‘Family’ days like Mother’s Day after divorce or during the divorce journey can be difficult to navigate. A positive mindset and these amicable tips will help you to make the most out of the day and help you manage another day in the year as an effective co-parent.
Be sure to plan ahead – this is a key habit that you’ll have to get used to if you want to maintain a harmonious co-parenting relationship. It’s natural that Mum’s will want to spend Mother’s Day with the kids and that Dad’s will want to spend Father’s Day with the kids. Create a Parenting Plan and include where the kids will spend their time on these dates.
If they are used to old family traditions, it may be a difficult day for them. The reality is you will face many occasions where old memories and traditions remind you or the kids of how your family used to be. Adopt a mindset that embraces this new chapter of, exciting traditions and allow your kids to shape the new way of doing things.
One of the best way to show your kids that you love them is to support their relationship with their other parent. Mother’s Day is an ideal opportunity to help them appreciate their mum and it might also be a good time for you to reflect on her positive qualities too. If the kids are small make sure you buy your ex a Mother’s Day card and encourage your kids do to do something nice for their Mum. And if you’re Mum, remember that Father’s Day is just around the corner, so you’ll have your time to do something nice in return.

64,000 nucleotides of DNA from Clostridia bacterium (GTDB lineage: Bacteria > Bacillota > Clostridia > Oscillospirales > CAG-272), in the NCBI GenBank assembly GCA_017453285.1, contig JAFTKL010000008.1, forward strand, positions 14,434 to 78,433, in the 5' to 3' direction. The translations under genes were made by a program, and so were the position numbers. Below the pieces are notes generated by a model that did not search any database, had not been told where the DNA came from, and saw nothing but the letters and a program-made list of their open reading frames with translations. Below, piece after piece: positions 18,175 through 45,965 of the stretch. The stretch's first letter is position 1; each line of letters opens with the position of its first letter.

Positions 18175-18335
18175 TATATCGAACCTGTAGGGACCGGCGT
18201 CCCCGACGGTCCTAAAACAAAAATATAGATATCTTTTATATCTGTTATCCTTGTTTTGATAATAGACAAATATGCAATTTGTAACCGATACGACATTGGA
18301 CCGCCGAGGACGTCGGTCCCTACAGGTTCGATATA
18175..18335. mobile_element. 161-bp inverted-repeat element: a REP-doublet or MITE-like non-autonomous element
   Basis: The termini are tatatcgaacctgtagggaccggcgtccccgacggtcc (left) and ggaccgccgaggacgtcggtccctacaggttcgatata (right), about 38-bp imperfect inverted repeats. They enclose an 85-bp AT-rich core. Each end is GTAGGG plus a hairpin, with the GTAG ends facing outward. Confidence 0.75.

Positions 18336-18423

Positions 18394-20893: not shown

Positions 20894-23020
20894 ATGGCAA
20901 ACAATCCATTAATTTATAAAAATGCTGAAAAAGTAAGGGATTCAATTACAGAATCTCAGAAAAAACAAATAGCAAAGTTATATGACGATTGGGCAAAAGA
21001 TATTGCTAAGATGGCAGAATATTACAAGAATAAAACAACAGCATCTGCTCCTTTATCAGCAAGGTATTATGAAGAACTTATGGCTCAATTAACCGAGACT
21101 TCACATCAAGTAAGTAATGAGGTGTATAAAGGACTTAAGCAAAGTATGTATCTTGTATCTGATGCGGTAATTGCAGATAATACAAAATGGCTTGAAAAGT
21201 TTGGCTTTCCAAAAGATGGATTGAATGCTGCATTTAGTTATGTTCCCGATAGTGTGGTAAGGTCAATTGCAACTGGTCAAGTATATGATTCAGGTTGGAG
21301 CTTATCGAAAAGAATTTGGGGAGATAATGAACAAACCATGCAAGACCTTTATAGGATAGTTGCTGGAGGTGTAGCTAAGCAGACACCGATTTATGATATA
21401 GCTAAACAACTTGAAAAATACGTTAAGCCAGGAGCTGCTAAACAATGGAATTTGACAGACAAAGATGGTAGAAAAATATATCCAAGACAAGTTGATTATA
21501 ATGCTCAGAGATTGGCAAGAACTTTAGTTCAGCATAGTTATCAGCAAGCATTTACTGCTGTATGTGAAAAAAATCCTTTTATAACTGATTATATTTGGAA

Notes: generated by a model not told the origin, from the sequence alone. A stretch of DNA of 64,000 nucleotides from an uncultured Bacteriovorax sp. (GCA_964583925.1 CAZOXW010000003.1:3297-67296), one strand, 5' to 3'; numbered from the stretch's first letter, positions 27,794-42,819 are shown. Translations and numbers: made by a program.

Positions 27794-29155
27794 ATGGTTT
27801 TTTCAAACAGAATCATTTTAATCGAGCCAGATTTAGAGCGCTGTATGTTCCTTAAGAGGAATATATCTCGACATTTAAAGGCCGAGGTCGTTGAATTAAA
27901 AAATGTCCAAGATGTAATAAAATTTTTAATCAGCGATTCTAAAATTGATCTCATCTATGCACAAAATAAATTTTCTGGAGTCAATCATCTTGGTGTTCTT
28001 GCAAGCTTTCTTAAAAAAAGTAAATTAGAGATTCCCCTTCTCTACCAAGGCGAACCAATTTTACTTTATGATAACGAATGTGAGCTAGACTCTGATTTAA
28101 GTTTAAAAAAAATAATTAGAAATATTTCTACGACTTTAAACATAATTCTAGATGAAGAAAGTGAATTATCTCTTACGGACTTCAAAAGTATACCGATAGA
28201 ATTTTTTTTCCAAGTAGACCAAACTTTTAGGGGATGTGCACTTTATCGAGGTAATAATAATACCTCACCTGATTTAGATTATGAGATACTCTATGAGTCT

If you’re spending Mother’s Day with your kids, make the most of the day. Change is inevitable – it’s an opportunity as parents to teach your kids to embrace change. It’s hard if you can’t be with your children – especially if all your friends are with theirs. But remember its one day and the love you feel for your children and they feel for you shines brightly every day – not just on one designated Sunday in March!
Life’s not perfect, so if your ex brings the kids back late, you can’t spend the day with your kids or it’s not quite how you’d thought it would be then take a deep breath and remember that what you’re feeling is normal and temporary.
Happy co-parenting relationships are entirely possible. For support on the transition from parent to co-parent, get in touch with an amicable expert.